site location

The proposed FoodPort site is a 24 acre brownfield at the intersection of the Russell, Shawnee and Portland neighborhoods of West Louisville. Located at 3029 West Muhammad Ali Blvd, the site was the former location of the National Tobacco Company, which took ownership of the property in 1905, paying $2.2 million (today’s equivalent of about $56 million) – arguably one of the most valuable pieces of real estate in Louisville at the time.

The West End’s submergence during the Great Flood of 1937 caused commercial relocation to higher ground, and new development to locate elsewhere. This economic disinvestment was further exacerbated by white flight, urban development, and the creation of the “Ninth Street Divide.” The West End is now associated with concentrations of poverty, diet-related diseases, numerous vacant and abandoned properties, shorter life expectancies, and lack of fresh food access. Low-income residents often rely on the unhealthy, processed foods found at convenience stores and fast food chains, and are subject to health complications that come with this diet. The FoodPort aims to change this trajectory, introducing commercial enterprise and extending the reach of healthy, regional food distribution. Seed Capital KY sees job creation in low-income communities as a necessity to expand access to better food, by first providing economic development empowerment for these neighborhoods.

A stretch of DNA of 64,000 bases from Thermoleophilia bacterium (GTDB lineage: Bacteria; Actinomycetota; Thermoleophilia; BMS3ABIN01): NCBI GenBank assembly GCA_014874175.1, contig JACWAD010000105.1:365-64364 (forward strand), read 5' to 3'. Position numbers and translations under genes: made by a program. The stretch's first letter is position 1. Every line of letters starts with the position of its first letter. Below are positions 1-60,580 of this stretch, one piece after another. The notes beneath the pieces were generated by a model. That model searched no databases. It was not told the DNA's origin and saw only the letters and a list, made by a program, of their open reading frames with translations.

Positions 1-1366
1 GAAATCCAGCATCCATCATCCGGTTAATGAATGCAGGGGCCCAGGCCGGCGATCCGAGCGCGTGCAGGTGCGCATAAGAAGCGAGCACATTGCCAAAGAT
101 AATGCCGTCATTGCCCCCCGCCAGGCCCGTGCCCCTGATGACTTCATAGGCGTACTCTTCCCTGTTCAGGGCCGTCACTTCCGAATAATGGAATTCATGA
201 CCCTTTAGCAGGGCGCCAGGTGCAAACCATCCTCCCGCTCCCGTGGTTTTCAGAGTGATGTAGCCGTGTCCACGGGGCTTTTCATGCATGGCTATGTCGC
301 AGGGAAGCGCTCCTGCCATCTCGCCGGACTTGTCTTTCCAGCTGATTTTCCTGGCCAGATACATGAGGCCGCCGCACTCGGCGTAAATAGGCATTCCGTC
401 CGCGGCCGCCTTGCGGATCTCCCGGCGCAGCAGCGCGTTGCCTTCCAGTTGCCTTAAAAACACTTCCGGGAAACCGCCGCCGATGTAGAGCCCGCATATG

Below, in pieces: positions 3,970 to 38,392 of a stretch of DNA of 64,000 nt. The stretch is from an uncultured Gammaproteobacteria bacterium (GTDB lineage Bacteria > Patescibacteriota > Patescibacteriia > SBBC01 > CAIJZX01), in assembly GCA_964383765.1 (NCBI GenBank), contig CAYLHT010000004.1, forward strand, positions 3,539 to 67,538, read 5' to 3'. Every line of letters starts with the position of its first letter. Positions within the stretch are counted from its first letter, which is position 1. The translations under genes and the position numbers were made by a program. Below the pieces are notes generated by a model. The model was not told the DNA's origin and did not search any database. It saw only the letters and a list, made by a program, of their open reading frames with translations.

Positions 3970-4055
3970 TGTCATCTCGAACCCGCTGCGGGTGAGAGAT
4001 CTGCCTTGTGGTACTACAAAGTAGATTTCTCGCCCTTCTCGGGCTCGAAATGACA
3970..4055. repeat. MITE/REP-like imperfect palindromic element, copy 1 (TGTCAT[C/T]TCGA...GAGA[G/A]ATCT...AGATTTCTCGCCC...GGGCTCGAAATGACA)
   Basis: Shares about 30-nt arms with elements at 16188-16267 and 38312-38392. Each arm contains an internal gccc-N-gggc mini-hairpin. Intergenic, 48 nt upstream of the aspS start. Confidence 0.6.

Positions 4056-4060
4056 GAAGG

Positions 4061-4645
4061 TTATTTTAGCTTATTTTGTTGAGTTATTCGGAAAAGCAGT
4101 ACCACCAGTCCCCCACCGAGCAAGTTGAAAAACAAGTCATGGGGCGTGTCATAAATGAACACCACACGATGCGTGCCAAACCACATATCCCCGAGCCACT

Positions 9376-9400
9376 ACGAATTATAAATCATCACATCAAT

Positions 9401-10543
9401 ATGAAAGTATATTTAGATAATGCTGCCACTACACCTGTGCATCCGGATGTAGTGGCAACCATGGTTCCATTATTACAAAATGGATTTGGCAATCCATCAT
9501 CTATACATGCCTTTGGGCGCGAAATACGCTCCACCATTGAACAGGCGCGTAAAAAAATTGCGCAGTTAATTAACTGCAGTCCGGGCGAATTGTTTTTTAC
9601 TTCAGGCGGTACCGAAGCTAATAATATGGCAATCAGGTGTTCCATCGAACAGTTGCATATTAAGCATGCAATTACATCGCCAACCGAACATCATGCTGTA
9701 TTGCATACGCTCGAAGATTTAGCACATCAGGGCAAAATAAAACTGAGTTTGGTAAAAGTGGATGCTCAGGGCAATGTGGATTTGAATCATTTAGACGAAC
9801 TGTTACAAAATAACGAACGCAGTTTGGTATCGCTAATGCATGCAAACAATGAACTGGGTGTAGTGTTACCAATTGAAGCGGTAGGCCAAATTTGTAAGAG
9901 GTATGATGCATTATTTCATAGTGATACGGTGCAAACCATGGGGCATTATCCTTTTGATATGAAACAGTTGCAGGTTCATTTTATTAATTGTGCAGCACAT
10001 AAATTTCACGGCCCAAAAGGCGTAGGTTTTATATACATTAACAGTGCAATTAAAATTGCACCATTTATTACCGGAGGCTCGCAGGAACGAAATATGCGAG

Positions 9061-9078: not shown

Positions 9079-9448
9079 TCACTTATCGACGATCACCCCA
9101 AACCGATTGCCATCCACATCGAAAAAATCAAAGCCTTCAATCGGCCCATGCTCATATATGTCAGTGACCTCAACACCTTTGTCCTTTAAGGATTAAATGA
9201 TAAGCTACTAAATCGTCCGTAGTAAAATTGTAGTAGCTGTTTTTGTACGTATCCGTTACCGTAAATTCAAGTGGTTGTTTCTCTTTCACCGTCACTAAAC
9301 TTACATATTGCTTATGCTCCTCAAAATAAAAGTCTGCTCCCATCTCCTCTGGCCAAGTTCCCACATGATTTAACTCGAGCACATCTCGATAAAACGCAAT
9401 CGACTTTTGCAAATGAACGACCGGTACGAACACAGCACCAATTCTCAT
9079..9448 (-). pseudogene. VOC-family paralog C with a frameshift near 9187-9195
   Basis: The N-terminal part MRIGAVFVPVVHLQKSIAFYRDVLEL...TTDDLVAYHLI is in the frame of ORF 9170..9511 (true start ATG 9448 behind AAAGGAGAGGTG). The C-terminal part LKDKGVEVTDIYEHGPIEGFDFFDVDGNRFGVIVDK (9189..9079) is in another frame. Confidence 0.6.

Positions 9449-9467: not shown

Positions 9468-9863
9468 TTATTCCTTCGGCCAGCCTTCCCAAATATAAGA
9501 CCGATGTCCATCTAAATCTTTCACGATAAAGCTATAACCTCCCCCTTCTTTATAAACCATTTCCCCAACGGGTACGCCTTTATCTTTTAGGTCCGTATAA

The WLFP project will bring over 300 living wage jobs to West Louisville, catalyzing economic change in the community, and spawning further such economic development in the area. Neighborhoods surrounding the site have a poverty rate of 24% compared to less than 6% for the rest of the city, median household income less than half that of the greater city, SNAP food benefit usage of 40%, and unemployment at rates 4X that of the city. Reclaiming this industrial space and infusing it with good jobs and green spaces, along community engagement and long-term options for community ownership, will positively and tangibly change the lives of its neighbors.